Hits from the 80s, 90s, and today
Three Degrees of Matt Ganis
Kevin Bacon may require six degrees, but for Matt Ganis, BS ’85, MBA ’91, and DPS ’07, three’s the magic number. And if you’ve been on the Pace campus any time in the last 30 years, you’re probably already only one degree removed from the current adjunct professor of computer science and astronomy who has not only helped Pace students turn ideas into patents, but also helped them reach for the stars—literally. When the International Space Station wanted to set up a telescope for K-12 schools and individuals to use, Ganis knew who could do it: his undergraduate class, which won the job to write the registration system for the project. This feat earned Ganis the Innovation in Teaching Award, high praise for a professor who only teaches part time. By day, Ganis is the lead architect for IBM.com, responsible for its corporate internet portal. He is also responsible for the IBM.com Islands in Second Life, a virtual world that Ganis hopes to turn into a money-making venture. It’s not a surprising role for Ganis, who helped build the first infrastructure for the internet and the first firewalls for IBM, developing code that allowed people to pass through firewalls to connect to their browser. “Today, everybody’s browser has my little piece of code in it,” he says. That’s not the only impact Ganis has had on the internet. If you’ve ever watched sports scores online, you can thank Ganis and his team at IBM, who became the first to bring high-end sporting events to the internet with the 1996 Olympic Games. In fact, Ganis and his team’s infrastructure for the site landed a spot in the Guinness Book of World Records. Ganis also acts as a liaison between IBM and Pace in the role of Academic Ambassador. “What I like about the intimate universities is that you have the opportunity to develop relationships that you really will have for a long time,” Ganis says. “I mean, look at my whole career… interactions with Pace all the way through.”
A Peace of the Action
While many people talk about the concept of world peace, Elaine Hsiao JD ’09, LLM ’10, is working to make it a reality. Hsiao, who graduated from Pace Law School with a juris doctor and a master of laws in environmental law, has been granted a 2010-2011 Fulbright Scholarship to study trans-boundary peace parks in Uganda. Also known as trans-frontier conservation areas, peace parks are created to help protect natural resources and human and animal migration patterns across countries, while promoting sustainable economic development and tourism, and fostering goodwill among often-warring neighboring countries. In October 2010, Hsiao began work on her 10-month long research project in Kampala, Uganda’s capital, with the faculty of law at Makerere University, one of the oldest and most prestigious universities in Africa, to help develop a peace park to provide the people of Uganda with safety and relief. “The idea is to look at the peace park process in the midst of actual conflict,” Hsiao says. “If we can’t have peace where there is conflict, how do we deal with conflict then?” No stranger to this work, Hsiao spent the summer of 2007 at the UN University for Peace in Costa Rica, where she researched the legal framework for creating a peace park between Honduras and Nicaragua and ultimately drafted a resolution for the International Union for the Conservation of Nature (IUCN) supporting this park, which was adopted at IUCN’s 4th World Conservation Congress in Barcelona.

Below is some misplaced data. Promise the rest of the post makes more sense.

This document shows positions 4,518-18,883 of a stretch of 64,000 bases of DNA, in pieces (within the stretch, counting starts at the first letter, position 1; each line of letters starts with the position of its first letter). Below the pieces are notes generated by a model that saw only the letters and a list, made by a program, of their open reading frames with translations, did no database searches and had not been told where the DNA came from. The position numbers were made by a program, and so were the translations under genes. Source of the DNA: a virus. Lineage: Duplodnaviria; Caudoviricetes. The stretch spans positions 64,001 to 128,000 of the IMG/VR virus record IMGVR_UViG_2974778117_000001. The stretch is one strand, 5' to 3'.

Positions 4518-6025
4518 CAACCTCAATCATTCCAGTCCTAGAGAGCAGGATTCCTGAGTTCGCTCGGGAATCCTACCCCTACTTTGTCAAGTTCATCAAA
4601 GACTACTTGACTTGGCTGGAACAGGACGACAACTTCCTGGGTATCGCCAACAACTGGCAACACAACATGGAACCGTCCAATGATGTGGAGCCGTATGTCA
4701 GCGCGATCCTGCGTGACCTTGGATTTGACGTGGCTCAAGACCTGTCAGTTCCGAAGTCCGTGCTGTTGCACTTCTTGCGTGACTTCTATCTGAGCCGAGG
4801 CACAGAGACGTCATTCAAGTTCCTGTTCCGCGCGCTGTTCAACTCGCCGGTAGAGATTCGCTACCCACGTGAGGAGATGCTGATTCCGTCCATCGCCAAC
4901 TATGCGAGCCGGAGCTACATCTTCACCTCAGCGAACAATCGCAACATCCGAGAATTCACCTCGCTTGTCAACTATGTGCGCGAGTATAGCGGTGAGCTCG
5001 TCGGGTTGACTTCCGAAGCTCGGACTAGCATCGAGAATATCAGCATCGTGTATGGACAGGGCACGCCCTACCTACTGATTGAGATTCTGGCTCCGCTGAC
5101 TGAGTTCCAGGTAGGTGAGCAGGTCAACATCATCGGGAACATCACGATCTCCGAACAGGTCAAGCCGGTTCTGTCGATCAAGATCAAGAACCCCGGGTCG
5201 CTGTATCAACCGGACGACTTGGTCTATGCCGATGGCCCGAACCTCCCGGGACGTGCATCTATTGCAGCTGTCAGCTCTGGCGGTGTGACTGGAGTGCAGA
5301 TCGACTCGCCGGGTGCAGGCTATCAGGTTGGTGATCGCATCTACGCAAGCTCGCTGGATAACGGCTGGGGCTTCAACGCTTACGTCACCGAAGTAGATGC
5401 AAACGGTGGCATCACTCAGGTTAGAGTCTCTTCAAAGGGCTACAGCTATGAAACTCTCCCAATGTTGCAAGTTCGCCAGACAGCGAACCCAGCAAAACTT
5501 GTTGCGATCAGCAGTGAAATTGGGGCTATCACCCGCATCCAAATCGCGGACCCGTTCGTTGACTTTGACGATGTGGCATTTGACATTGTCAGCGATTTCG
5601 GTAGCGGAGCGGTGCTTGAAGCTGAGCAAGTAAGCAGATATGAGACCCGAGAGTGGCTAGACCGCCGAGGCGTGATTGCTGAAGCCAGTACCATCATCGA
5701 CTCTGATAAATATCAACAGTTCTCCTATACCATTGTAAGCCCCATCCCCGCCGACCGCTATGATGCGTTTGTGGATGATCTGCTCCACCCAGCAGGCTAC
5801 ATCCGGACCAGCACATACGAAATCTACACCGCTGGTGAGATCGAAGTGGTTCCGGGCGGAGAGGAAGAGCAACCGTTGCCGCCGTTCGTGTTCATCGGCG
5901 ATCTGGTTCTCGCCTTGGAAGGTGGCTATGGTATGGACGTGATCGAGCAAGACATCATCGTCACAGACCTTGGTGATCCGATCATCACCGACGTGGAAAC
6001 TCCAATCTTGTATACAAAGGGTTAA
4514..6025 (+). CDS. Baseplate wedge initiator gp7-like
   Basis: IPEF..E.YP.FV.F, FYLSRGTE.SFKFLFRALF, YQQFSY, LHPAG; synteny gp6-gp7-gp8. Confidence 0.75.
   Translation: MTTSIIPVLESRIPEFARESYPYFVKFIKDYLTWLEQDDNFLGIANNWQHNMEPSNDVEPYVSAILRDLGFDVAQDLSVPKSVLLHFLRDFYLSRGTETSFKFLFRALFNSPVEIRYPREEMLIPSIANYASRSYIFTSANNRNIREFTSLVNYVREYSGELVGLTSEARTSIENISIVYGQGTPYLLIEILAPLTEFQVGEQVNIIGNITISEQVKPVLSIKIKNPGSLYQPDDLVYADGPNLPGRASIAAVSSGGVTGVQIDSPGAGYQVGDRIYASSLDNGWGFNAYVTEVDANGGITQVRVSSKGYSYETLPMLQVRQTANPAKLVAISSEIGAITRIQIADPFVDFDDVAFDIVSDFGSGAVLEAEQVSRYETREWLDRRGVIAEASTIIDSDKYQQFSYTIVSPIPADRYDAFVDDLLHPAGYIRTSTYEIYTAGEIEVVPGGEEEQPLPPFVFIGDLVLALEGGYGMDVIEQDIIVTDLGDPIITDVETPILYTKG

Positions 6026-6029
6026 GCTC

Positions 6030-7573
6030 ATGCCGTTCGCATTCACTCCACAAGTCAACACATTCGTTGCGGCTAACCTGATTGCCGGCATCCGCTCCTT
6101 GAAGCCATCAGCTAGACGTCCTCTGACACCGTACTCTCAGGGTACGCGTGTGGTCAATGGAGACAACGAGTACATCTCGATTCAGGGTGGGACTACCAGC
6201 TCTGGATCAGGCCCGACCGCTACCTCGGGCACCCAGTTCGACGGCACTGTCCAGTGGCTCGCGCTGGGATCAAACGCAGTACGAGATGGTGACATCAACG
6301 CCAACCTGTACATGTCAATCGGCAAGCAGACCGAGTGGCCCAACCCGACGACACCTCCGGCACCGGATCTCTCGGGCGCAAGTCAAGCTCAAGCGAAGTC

In the midst of conflicts and environmental change, Hsiao’s work with trans-boundary conservation and peace is crucial. “There isn’t any better time than now,” Hsiao says.
A Summer Vocation
For the past three years, Herby Jeanty BS ’10 has spent his summers getting his feet wet, but we’re not talking about a day at the beach. Jeanty, who graduated in May with a bachelor’s degree in biology, spent the summer of 2008 interning at Beth Israel’s cancer research office and the summer of 2009 conducting orthopedic research at Columbia University as part of a prestigious Jeannette K. Watson Fellowship. This year, just two days after graduation, Jeanty boarded a plane to South Africa for his final Watson Internship at Hoops4Hope, a nonprofit that uses basketball and mentorship to help children face the challenges of growing up in communities plagued with poverty, crime, and HIV/AIDS. “I wanted to do something different, where hopefully I could make a big contribution to communities,” Jeanty says. No stranger to going where there’s a need, Herby joined the U.S. Marines prior to enrolling in Pace, where he spent four years on active duty in Japan, the Philippines, and Iraq, and was awarded nine military awards. Jeanty, who plans to attend medical school in fall 2011, is already thinking about where he’s needed next. Born and raised in Haiti, he recalls seeing the pain and suffering of people around him, where many of the illnesses were easily curable. “I want to go back to Haiti to serve there,” says Jeanty. “I want to help these people that don’t have anything, that don’t have any hope. They live in a place where everything is upside down, and I can’t abandon them because I am a part of these people.” “Some of us have jobs, others have careers,” said Associate Professor Christopher Malone, PhD, of Jeanty. “For Herby, what drives him is nothing less than a calling—a vocation.”